Tingsha

Synonyms

Buddhism, feng shui, meditation, new age, religious practices, shamanism, sound therapy, spirituality, taa, Tibet, Tibetan bells, Tibetan Buddhism, ting sha, Wicca.

Background

Tingsha are circular, solid, plate-like chimes connected by a piece of leather. Tingsha are used in meditation practices for the distinct, long, non-harmonic ringing sound they produce. In Nepali, tingsha are known as taa; some non-native speakers of Tibetan refer to tingsha as Tibetan bells. A less frequent spelling for this instrument is "ting sha."

Tingsha have their origin in Bön Shamanism, a religion that predated Buddhism in Tibet. Bön significantly influenced the ritualistic and spiritual practices of Tibetan Buddhism, and shares many of the same cultural characteristics and religious instruments. Tingsha are still used by practitioners of Tibetan Buddhism.

The tingsha are popular in other spiritual practices in the contemporary United States, and have been integrated into many alternative and holistic practices with origins outside of Tibet, such as yogic meditation and Wicca. Tingsha are also sometimes sold as decorative ornaments outside of Tibet. There are currently no available high-quality studies evaluating the use of the tingsha for any condition.

Tingsha are circular, solid, plate-like chimes connected by a piece of leather. Tingsha are used in meditation practices for the distinct, long, non-harmonic ringing sound they produce. In Nepali, tingsha are known as taa; some non-native speakers of Tibetan refer to tingsha as Tibetan bells. A less frequent spelling for this instrument is "ting sha."

Tingsha have their origin in Bön Shamanism, a religion that predated Buddhism in Tibet. Bön significantly influenced the ritualistic and spiritual practices of Tibetan Buddhism, and shares many of the same cultural characteristics and religious instruments. Tingsha are still used by practitioners of Tibetan Buddhism.

The tingsha are popular in other spiritual practices in the contemporary United States, and have been integrated into many alternative and holistic practices with origins outside of Tibet, such as yogic meditation and Wicca. Tingsha are also sometimes sold as decorative ornaments outside of Tibet. There are currently no available high-quality studies evaluating the use of the tingsha for any condition.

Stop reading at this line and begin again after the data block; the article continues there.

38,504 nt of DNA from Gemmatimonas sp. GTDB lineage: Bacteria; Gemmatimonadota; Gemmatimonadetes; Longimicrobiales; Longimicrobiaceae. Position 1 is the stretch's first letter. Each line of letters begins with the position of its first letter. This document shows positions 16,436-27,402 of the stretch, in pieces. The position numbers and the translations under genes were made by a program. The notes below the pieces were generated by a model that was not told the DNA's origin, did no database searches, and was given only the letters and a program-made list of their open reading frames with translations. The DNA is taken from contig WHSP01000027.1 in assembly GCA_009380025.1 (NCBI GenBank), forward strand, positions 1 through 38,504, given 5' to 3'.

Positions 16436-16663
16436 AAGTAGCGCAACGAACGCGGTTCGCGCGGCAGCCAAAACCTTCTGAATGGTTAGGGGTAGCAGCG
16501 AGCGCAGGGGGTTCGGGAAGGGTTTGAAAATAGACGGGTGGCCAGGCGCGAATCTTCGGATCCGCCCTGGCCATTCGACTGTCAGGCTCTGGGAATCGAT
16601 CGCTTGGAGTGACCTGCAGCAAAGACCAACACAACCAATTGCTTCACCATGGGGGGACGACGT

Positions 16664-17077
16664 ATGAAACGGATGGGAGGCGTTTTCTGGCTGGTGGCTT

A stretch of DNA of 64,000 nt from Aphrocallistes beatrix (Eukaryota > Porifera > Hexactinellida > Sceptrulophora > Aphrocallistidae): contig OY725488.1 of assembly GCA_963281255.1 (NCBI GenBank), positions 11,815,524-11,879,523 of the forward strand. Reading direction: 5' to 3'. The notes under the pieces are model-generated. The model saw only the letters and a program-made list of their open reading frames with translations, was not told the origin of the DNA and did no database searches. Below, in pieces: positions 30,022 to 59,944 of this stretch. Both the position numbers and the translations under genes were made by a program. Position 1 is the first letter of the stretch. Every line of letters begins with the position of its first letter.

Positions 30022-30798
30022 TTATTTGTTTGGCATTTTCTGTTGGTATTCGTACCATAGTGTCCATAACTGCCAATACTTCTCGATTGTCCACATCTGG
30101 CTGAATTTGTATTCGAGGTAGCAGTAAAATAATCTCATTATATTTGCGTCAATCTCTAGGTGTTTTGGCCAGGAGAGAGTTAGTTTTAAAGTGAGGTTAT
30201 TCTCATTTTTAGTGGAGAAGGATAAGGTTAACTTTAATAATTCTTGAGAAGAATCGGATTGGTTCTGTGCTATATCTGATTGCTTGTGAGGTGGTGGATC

Technique

In order to produce sound, the tingsha are suspended horizontally at the center of the leather piece that connects them. The cymbals are then struck together. The sound produced by the tingsha is intentionally non-harmonic and dissonant. The sound is said to be so penetrating that a person will immediately notice it.

The tingsha is used to focus awareness in Tibetan Buddhism and other religious practices. It is used to signify the start and end of group meditation. The sound of the tingsha is said to clear the mind in preparation for the concentration necessary to achieve a meditative state. The lifestyle, cultural context, and spiritual beliefs surrounding the use of the tingsha are very different in Tibetan Buddhism and the variety of other religious practices into which they have been incorporated.

Tingsha in Tibetan Buddhism: The tingsha is but one of many ritual objects used in Tibetan Buddhism. Other instruments include the dorje, a handheld object shaped like a dumbbell; the phurpa, a special type of dagger, the drilbu, a type of handbell; butter lamps, and the more familiar prayer wheel and mandala.

In addition to the sounding of the tingsha, meditation in Tibetan Buddhism may include specialized hand signals and the chanting of mantras (religious texts).

Meditation is not considered a spiritual practice unto itself in Tibetan Buddhism. Rather, the meditation and the sounding of the tingsha that accompanies it is one activity in the culture of spiritual practices that also includes specialized dances, ritual chanting, and a variety of medical practices. Some of these religious practices, including some of the political beliefs, which are informed by Tibetan Buddhism, are banned by the government of China, which now governs the area.

Tingsha in other religious practices: Tingsha are popular in the spiritual practice of other non-mainstream religions in the United States. For instance, Wiccans may sound the tingsha to summon a goddess. Some shamanistic practices also use the tingsha to attract a power animal, or ally from the spiritual realm. In Western culture, the properties attributed to the tingsha are sometimes very different than those in Tibetan Buddhism.

The tingsha are sometimes used in sound therapy. The unique resonance of the sound they produce is said to possess healing qualities. In addition, the uniquely stark, even startling sound produced by the tingsha is said to stimulate the receptor cells of the middle ear.

Also used to clear an energy field of a room by sounding at each corner, the tingsha are used by some feng shui practitioners to clear the negative energies left supposedly behind by a previous person or event that was in the room.


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